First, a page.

The Indian cricket team has boarded the flight to Southampton to take on New Zealand in the inaugural edition of the World Test Championship (WTC) final from June 18-22. The tourists will also take part in the five-match Test series against England starting from August 4 in Nottingham. 

Before embarking on the journey, captain Virat Kohli and coach Ravi Shastri addressed the media from Mumbai, busting all the theories about New Zealand having any upper hand over India. The Kiwis are already playing England in a two-match Test series, but Kohli asserted on why that shouldn’t be seen as an advantage for Kane Williamson’s men. 

“In the past, we’ve landed three days prior to the schedule and had a great tour. Conditions are as potent for New Zealand as they are for us. Conditions in Australia should’ve favoured them too. It’s about how you look at things. It’s all in the head,” the maestro batsman reckoned. 

“Even if you are used to the conditions, if you don’t enter the field in the right frame of mind, you are going to nick that first ball or you are going to find it tough to pick wickets. All that matters is that we have the required hunger and desire,” Kohli added.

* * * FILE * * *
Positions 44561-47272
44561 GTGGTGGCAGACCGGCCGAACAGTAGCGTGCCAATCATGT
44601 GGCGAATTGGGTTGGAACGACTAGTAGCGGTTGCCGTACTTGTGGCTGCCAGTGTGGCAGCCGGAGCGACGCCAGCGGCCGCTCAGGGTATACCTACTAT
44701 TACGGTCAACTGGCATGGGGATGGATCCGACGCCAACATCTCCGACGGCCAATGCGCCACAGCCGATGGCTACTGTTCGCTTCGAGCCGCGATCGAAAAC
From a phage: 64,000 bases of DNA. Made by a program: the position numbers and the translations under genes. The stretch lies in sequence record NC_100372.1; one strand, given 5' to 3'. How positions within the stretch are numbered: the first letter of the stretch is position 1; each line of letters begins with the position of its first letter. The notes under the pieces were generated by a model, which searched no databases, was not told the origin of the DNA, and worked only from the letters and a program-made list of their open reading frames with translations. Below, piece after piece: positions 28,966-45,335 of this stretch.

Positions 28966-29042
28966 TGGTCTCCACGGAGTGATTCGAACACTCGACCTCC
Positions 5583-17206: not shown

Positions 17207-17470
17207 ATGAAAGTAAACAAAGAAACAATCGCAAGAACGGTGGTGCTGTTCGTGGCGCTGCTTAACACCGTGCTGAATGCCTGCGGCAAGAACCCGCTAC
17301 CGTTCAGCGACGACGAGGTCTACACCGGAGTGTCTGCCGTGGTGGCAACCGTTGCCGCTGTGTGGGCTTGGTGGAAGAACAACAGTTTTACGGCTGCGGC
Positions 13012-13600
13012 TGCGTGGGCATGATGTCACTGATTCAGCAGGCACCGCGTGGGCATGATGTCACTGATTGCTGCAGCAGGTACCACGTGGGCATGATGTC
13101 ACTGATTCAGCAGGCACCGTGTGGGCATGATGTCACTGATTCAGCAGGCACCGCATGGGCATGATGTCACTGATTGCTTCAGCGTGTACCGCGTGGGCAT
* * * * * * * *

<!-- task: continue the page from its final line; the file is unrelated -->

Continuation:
The World Test Championship (WTC) was only introduced by the International Cricket Council (ICC) in 2019 and although the product is still at a nascent stage, many experts and players have questioned the format and its credibility. 

Kohli and Shastri too shared their views on how the ICC can help the product become bigger and better. 

“It's the toughest form of the game. It’s a format that tests you, it hasn't happened over three days or three months. It’s happened over two years, where teams have played each other around the world to earn their stripes. So it’s one heck of an event,” the Indian coach opined.

India have played consistent Test cricket under Kohli in the recent past, both at home and overseas. Currently, India are No. 1 in the ICC rankings for Tests. India also booked their slot in the WTC final by beating England 3-1 at home earlier this year. 

Elaborating how the players in the side should approach the challenges ahead, the 32-year-old captain said, “It’s time to enjoy ourselves having put in the hard yards for the last five-six-seven years. Our point of view is a lot different than those (from) outside. If we think like them, we cannot perform.”

Featured photo: NOAH SEELAM / AFP